They got pickup picked up by Costco. If my memory is correct, they had opportunities to exit, but they didn’t want to exit whatever multiple it was. They ended up going out of business, and I lost my share on that because they couldn’t keep up with inventory and demand through Costco. They wouldn’t take on outside funding. That was a good lesson learned just because I thought the product was great. I didn’t know anything about leadership. I had not done my due diligence and lost money because of it.

[bctt tweet=”If you put in the effort, all the rest will fall into place. ” username=”talentwargroup”]

That same thing happened with land that I acquired in Idaho. It was a development. I put money in, and I lost my share on that. I then started a clothing company in college with a few friends called Faded Lifestyles. It was a nightlife clothing company. I learned a lot about partnerships, and we lost all our money on that. Looking at the Faded Lifestyles is a phenomenal example that we tried to start a clothing company when none of us had any expertise in it.

We liked the idea. We thought it was cool, but just because we thought it was cool or we liked the idea, it doesn’t mean we should be doing it. That was a valuable lesson. I lost another $5,000 on that because none of us was uniquely qualified to be successful there. When you look at what we’re doing now, anything that’s outside of our core competency, we shouldn’t be pursuing it. If we do, it could be a distraction.

Richard Branson and Elon Musk have had many failures, and look at them.

They’re smashing it. As entrepreneurship and as my career has developed, there has been a lot of learning experiences. The biggest thing I’ve learned over the years is growing our staff from 100 to 200. Learning how to manage people and build an organization, there’s a lot to unpack there because you’re not only dealing with the business. You’re dealing with people, and people each want to be managed differently. Learning that has been a big lesson over the years.

Can you define effort over everything?

For me, this rallying cry of NCFIT is the idea of putting in your best effort over everything else. With my kids, when they go and play football or do anything, I don’t care if they win or lose. It’s good to do both, but I care they put in their best effort on whatever they’re doing. That includes their homework or picking up the trash they see on the floor. Putting effort into everything you do is above everything else. If you put in the effort, all the rest will fall into place.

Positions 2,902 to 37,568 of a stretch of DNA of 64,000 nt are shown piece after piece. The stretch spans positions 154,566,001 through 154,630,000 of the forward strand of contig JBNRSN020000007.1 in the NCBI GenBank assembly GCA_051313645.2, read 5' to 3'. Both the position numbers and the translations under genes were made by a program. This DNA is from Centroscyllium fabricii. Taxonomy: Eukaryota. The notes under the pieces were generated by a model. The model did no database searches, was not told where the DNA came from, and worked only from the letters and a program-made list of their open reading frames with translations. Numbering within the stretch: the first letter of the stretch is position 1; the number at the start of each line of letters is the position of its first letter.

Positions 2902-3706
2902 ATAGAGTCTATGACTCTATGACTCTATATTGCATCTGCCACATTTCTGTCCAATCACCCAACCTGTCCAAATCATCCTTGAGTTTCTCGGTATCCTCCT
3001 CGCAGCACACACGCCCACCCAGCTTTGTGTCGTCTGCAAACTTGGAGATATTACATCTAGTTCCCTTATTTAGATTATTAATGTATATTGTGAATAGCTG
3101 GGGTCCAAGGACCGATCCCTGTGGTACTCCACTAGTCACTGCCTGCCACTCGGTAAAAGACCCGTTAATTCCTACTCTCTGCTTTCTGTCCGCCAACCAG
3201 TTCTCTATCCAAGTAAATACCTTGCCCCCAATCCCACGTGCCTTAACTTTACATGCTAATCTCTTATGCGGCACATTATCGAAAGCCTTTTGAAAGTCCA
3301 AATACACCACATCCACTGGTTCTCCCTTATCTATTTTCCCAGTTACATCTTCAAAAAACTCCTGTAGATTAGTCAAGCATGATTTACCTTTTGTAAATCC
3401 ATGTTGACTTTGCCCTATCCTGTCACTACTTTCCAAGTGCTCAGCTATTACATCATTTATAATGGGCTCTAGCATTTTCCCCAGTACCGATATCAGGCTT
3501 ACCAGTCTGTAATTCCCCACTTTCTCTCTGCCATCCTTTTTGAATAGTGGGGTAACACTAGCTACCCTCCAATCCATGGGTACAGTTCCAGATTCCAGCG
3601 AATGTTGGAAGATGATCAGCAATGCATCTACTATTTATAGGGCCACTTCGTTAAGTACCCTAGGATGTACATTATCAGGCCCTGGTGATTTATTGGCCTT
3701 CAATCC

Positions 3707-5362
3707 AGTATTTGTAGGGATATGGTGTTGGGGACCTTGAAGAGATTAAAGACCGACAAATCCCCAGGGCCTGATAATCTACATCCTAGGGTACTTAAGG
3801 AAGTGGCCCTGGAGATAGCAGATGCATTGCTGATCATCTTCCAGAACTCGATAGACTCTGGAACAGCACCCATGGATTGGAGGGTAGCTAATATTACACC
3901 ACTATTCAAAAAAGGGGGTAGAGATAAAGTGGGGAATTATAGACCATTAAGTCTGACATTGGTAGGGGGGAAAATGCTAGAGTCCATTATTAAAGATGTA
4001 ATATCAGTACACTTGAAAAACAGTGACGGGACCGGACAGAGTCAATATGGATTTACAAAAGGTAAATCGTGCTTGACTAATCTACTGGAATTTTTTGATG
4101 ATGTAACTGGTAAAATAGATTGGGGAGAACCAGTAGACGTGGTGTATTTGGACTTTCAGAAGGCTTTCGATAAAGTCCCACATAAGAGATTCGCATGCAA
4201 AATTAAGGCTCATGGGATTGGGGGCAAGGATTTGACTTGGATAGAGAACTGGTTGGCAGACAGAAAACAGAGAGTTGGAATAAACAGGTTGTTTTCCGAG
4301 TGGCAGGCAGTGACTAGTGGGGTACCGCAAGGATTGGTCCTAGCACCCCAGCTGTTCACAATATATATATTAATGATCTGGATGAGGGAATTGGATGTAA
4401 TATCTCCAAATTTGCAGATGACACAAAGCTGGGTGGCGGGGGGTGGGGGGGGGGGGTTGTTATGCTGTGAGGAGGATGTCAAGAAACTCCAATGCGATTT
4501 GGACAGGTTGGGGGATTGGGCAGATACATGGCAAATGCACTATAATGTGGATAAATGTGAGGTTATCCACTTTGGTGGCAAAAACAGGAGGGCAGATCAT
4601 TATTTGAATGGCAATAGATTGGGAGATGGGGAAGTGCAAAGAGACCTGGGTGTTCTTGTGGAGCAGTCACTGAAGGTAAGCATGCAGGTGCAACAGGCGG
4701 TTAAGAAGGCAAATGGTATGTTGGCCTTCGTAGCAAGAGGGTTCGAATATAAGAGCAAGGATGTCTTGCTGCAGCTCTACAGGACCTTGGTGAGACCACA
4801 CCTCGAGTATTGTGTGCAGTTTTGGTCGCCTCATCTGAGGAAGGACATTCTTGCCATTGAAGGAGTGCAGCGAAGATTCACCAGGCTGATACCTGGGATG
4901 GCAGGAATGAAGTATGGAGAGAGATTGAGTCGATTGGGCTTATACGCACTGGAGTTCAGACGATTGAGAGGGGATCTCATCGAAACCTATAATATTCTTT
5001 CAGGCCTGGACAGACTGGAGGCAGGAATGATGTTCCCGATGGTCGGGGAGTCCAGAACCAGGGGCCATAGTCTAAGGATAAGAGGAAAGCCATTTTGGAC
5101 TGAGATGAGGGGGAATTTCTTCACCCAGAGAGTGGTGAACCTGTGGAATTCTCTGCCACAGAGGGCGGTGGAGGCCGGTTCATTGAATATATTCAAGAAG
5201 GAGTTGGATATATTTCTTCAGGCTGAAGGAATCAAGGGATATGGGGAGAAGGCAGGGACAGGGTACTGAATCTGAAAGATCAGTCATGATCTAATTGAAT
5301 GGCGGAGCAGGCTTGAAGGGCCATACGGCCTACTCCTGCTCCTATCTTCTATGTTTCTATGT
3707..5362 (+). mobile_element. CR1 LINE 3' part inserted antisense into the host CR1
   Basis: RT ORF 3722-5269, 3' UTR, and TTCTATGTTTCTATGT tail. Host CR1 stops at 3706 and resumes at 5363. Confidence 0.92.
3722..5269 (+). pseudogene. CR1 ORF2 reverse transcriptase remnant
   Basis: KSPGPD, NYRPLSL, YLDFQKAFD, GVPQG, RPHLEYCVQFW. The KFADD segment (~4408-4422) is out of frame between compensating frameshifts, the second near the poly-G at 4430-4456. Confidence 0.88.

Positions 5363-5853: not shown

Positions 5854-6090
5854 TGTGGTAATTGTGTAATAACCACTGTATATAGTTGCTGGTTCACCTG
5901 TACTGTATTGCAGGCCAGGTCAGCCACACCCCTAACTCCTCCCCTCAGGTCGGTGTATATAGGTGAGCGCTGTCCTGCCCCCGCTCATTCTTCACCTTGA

I agree. On this show, we’re going to plug your show. That’s very important. We’ve had a lot of good conversations about podcasts and the journey of building them. What you’re doing is cool, and I love some of the concepts you’re putting together.

Thank you. The podcast is great. We have a variety of verticals and different things through our fitness company, but having core values or a mission statement about helping people and embodying this idea of effort is we never quantified it well enough until the last couple of years. That was a learning lesson for us that we were so reliant on the CrossFit brand that when we rebranded to NCFIT in 2016, we never clearly defined who we were, so we’ve tried to do a better job of that over the last couple of years.

What’s next?

For us, it’s continuing on the mission of trying to impact as many people. That’s through our digital app or our brick and mortars, which you’re at right now. You’re about to see a class. It’s growing that. Now, it’s a critical time for our family and me. That’s it. I’ll try and be the best husband and father I could be, try and grow the business to reach our potential, and try and have our entire team.

What will make me feel good is in 2023, if I could have more of our team come to me and say, “This business is the reason why I’ve been able to go buy a house. I’ve been able to go do this.” I want to watch our team be able to thrive. That’s a very rewarding thing for our company and me. I hope that more of them can continue to thrive. We could pay and support them more. That’s important while concurrently being able to do that for my own family.

As we close out, the Jedburghs in World War II had to do three things as core foundational tasks. They had to be able to shoot, move, and communicate. If they did these three things with the utmost precision, they could focus on their effort or energy. You talked about controlling the uncontrollable, which I love because it ties right into this question that we ask every one of our guests. They could focus on the other things in the more challenging things that came their way, like winning the war at all costs. What are the three things you do every day to be successful in your world?

TJP 54 l As Many Reps As Possible with Jason Khalipa

Jason Khalipa’s Three Foundations to Success: Workout to focus the mind, set intention for the day, talk to the family about their day.